Middle East

Syria in shadow of Turkish wrath

Turkish Prime Minister Recep Tayyip Erdogan addresses the lawmakers of his Justice and Development Party at the parliament in Ankara, Turkey, Tuesday, June 26, 2012. (AP Photo/Burhan Ozbilici)

BEIRUT: Turkey’s prime minister branded Syria an imminent threat Tuesday, vowing to retaliate over the “heinous” downing of one of its jets. And amid reports of fierce clashes between Syrian rebel forces and army units around elite Republican Guard posts in Damascus, Syrian President Basher Assad said his country was in “a state of real war.”

“We live in a state of real war, and [as] we live in a state of war, all our polices, directives and all sectors will be directed in order to gain victory in this war,” he said in comments carried by the state news agency SANA in an address to swear in his new government. It was not immediately clear to whom Assad was referring to.

Turkish Prime Minister Recep Tayyip Erdogan announced his country had changed its rules of engagement and would now treat any Syrian security threat as a military target.

Friday’s downing of a Turkish Phantom F-4 fighter jet along the Mediterranean coast has sharply increased tensions between Syria and Turkey and has split Moscow and the West. NATO condemned Syria, voicing its solidarity with member state Turkey while Syrian ally Russia said the incident should not be seen as intentional.

“We believe it is important that the incident is not viewed as a provocation or an intentional action, and that it does not lead to destabilizing the situation,” the Russian Foreign Ministry said.

Erdogan accused Syria of shooting down the jet without warning while it was in international airspace.

“This is a hostile act ... a heinous attack,” Erdogan told a parliamentary meeting of his ruling AKP party.

Erdogan, once a close ally of Assad, has become one of the Syrian leader’s biggest critics and his reaction to the downing of the jet is his fiercest outburst to date.

The premier admitted the Turkish plane had violated Syrian airspace but said had been only for a short time and “by mistake.” Damascus has defended the downing of the jet, saying it was a response to “a gross violation” of its sovereignty but Erdogan insisted it was not in Syrian airspace when it came under attack. The jet’s two-man crew remain missing.

“The rules of engagement of the Turkish Armed Forces have changed given this new development,” he said.

Any security or military risk posed by Syria on the Turkish border would be “considered a threat and treated as a military target.”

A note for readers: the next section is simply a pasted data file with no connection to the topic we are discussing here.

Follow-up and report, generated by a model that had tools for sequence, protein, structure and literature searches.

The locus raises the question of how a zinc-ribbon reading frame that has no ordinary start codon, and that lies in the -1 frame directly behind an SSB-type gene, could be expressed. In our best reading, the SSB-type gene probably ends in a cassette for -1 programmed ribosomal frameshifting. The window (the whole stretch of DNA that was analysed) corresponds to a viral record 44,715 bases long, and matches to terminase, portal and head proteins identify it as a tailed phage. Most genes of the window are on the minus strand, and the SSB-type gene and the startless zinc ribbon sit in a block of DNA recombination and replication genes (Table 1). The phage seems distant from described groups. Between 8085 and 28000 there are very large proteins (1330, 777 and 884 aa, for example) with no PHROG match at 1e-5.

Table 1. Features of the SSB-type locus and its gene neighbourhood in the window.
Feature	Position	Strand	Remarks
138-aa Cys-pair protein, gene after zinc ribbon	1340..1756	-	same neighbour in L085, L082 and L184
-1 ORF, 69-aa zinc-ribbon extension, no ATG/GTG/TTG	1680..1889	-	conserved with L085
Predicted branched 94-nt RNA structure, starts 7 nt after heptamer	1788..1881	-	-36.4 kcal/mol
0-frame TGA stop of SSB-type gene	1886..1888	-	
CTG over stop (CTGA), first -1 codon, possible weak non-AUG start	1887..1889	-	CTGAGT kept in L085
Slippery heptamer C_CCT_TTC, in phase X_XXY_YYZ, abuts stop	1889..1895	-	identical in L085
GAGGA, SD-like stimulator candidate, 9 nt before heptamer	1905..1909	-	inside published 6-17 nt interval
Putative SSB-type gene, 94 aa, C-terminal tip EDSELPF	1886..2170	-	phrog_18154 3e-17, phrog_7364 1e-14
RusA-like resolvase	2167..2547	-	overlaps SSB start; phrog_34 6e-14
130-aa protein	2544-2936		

“This latest development shows that the Assad regime has become a clear and imminent threat to the security of Turkey as well as for its own people,” he said.Erdogan’s statements hinted at a de-facto buffer zone between the two countries, an idea he has previously said Turkey would consider to protect civilians, although it was not clear how far the target zone he was referring to would extend.

Turkey is the base for the rebel Free Syrian Army and shelters more than 30,000 refugees – a number Erdogan worries could rise sharply as fighting spreads.

After a request from Turkey, NATO’s Secretary-General Anders Fogh Rasmussen hosted talks with ambassadors of the alliance’s 28 members in Brussels.

“Allies have expressed their strong support and solidarity with Turkey,” he told reporters after the meeting.

“We consider this act to be unacceptable and condemn it in the strongest terms.”

NATO has so far been notably reluctant to get sucked into the conflict in Syria.

The five permanent U.N. Security Council members and regional players are hoping to meet in Geneva this weekend in a new push to resolve the crisis mediated by international envoy Kofi Annan.

Russia said it was crucial that Iran should also attend the meeting but Western countries oppose Iran. Amid the deadlock and violence, the U.N. monitoring team tasked with observing a cease-fire brokered by Annan has been suspended indefinitely.

In Syria itself, Syrian armed rebel forces and regime army units were locked in fierce clashes around elite Republican Guard posts in the suburbs of Damascus, according to pro-opposition activists. Across the country, 86 people including 50 civilians, 32 soldiers and four rebel soldiers were killed, according to U.K.-based Syrian Observatory for Human Rights.

“Violent clashes are taking place around positions of the Republican Guard in Qudsaya and Al-Hama,” 8 kilometers from central Damascus, said Rami Abdul-Rahman, head of the Observatory.

“These suburbs are home to barracks of troops which are very important for the regime like the Republican Guard. This is also where the families of [army] officers live,” he said.

A resident of nearby Wadi Barada told The Daily Star “Republican guards are shelling from Al-Hameh Bridge, the 4th division from the Douma-Qudsaya road. We lost contact with the people down the valley.”

A version of this article appeared in the print edition of The Daily Star on June 27, 2012, on page 1.




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